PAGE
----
“What all this chaos has done is create an anxiety-ridden shopper who wants to make sure they are making the best choice,” Rebecca said. “In the past, you’d go to Sears and get a Black + Decker because that was the best product on the market. That was the one everyone went to. But now there are so many challengers and so many options that I might wonder, ‘is that the right one?'”
The difference in loyalty by generation
Rebecca said there’s a big difference between the generations born pre-online shopping and post-online shopping.
“For those growing up post-online shopping – the Gen Zs – their brand loyalty is incredibly low in comparison to Boomers and Gen Xers,” Rebecca said. “Millennials have adapted to this new way of shopping but are still carrying some old traditions and patterns.”
The way generations after Gen Z will think about brand loyalty is going to look very different from older generations, Rebecca said.
How can brands connect with that loyal shopper?
It certainly does start with understanding the market, the target consumer, and how the company’s product can stand out in the vertical.
“Brands have to do very specific research to their category and their consumer to understand how they are thinking,” Rebecca said.
Read next: 7 steps to conduct research successfully
Rebecca calls the phenomenon shopper promiscuity – the act of being open to using other brands and following through with that purchase. But the more brands can truly understand their target consumers, the more likely they are to build that ongoing relationship with loyal shoppers.
Also, understand how loyalty looks in your specific vertical. For example, soda drinkers as a whole are very loyal to specific brands. But certain other verticals have a loyalty rate of under 20 percent. Understanding the industry average can help us understand what is or isn’t a good goal.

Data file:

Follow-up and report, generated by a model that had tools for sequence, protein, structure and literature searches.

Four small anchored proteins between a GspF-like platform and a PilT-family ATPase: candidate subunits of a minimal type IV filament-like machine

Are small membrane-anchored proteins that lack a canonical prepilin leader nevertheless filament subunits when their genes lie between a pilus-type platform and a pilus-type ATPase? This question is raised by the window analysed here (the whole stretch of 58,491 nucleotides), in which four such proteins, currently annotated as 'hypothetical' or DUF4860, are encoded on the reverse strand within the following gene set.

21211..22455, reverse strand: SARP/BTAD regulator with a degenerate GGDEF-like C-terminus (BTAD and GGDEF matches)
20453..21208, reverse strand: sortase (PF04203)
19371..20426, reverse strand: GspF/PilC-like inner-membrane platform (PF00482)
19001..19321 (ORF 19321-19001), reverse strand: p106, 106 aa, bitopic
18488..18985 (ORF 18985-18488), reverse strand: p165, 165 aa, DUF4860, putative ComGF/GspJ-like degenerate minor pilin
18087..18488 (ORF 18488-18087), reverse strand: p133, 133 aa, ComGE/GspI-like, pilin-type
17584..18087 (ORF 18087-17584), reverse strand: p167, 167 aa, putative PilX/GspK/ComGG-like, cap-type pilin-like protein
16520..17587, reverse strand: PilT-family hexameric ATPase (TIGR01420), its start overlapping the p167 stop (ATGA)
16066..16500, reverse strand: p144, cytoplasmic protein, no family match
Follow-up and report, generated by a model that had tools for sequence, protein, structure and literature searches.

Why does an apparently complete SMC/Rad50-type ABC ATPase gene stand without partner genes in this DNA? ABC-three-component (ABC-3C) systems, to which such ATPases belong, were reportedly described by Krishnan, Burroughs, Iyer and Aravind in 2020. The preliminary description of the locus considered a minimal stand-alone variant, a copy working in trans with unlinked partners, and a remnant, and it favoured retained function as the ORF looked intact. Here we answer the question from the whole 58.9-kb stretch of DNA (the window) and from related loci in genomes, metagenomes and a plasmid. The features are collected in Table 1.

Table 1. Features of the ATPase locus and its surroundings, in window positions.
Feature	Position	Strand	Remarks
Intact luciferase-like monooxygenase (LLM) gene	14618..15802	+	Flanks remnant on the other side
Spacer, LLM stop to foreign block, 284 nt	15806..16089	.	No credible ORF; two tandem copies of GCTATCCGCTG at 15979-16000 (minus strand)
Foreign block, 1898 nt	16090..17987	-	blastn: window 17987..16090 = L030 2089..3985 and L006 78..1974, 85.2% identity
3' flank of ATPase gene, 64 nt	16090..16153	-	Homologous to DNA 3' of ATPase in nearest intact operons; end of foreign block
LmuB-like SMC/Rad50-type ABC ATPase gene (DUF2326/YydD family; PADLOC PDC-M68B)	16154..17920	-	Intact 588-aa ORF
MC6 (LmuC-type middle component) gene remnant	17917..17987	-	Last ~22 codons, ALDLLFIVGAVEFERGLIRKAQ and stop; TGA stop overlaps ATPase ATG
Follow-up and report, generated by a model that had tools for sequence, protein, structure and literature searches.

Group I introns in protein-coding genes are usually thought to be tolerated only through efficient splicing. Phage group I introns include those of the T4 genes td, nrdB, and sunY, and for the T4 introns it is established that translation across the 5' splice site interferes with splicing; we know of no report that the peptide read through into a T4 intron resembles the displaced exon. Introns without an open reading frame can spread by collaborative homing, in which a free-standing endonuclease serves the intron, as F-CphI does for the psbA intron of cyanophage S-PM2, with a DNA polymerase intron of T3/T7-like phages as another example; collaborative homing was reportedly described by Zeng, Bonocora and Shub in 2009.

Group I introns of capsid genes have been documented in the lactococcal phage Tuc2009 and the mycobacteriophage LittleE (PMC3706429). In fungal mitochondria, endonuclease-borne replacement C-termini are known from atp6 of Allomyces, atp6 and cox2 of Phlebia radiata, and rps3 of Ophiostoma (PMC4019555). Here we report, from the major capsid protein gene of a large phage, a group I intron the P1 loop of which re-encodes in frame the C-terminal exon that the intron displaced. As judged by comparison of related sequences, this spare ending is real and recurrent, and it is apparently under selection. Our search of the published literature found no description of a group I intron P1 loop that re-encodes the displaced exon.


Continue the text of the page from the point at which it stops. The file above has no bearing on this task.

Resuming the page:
“And then where does your brand sit – are people over-indexing or under-indexing when it comes to promiscuity?” Rebecca said.
Build a community around a product consumers love
Jason Alleger, consumer insights and strategy at Traeger, said on “Reel Talk” that the company has been successful by building an authentic community around a product that he says the average owner uses 50 times a year.
“Traeger is a lifestyle brand,” he said. “I get to meet people who named their baby after Traeger; get sent pictures of people’s Traeger tattoos; I get sent obituaries where their Traeger is mentioned; get sent wedding invitations, and people say ‘we couldn’t imagine spending the day without you guys.'”
“I’m leading insights for this brand that is such a part of people’s lives that people are naming their children after us,” Jason said.
Jason said the brand had earned that place in people’s lives through product innovation, integration into people’s lives, and fostering community.
“People are sharing recipes and are trying to become better cooks,” he said. “By us fostering that community, it drives that brand.”
Understand why people purchase
Consider research including the people who have recently purchased or even returned for another purchase. Ask them about their need, she said, as opposed to questions focused on the brand.
Certainly, it can be harder to keep shoppers loyal to our products than in the past, but that doesn’t mean we shouldn’t try understanding them and working on building that ongoing relationship.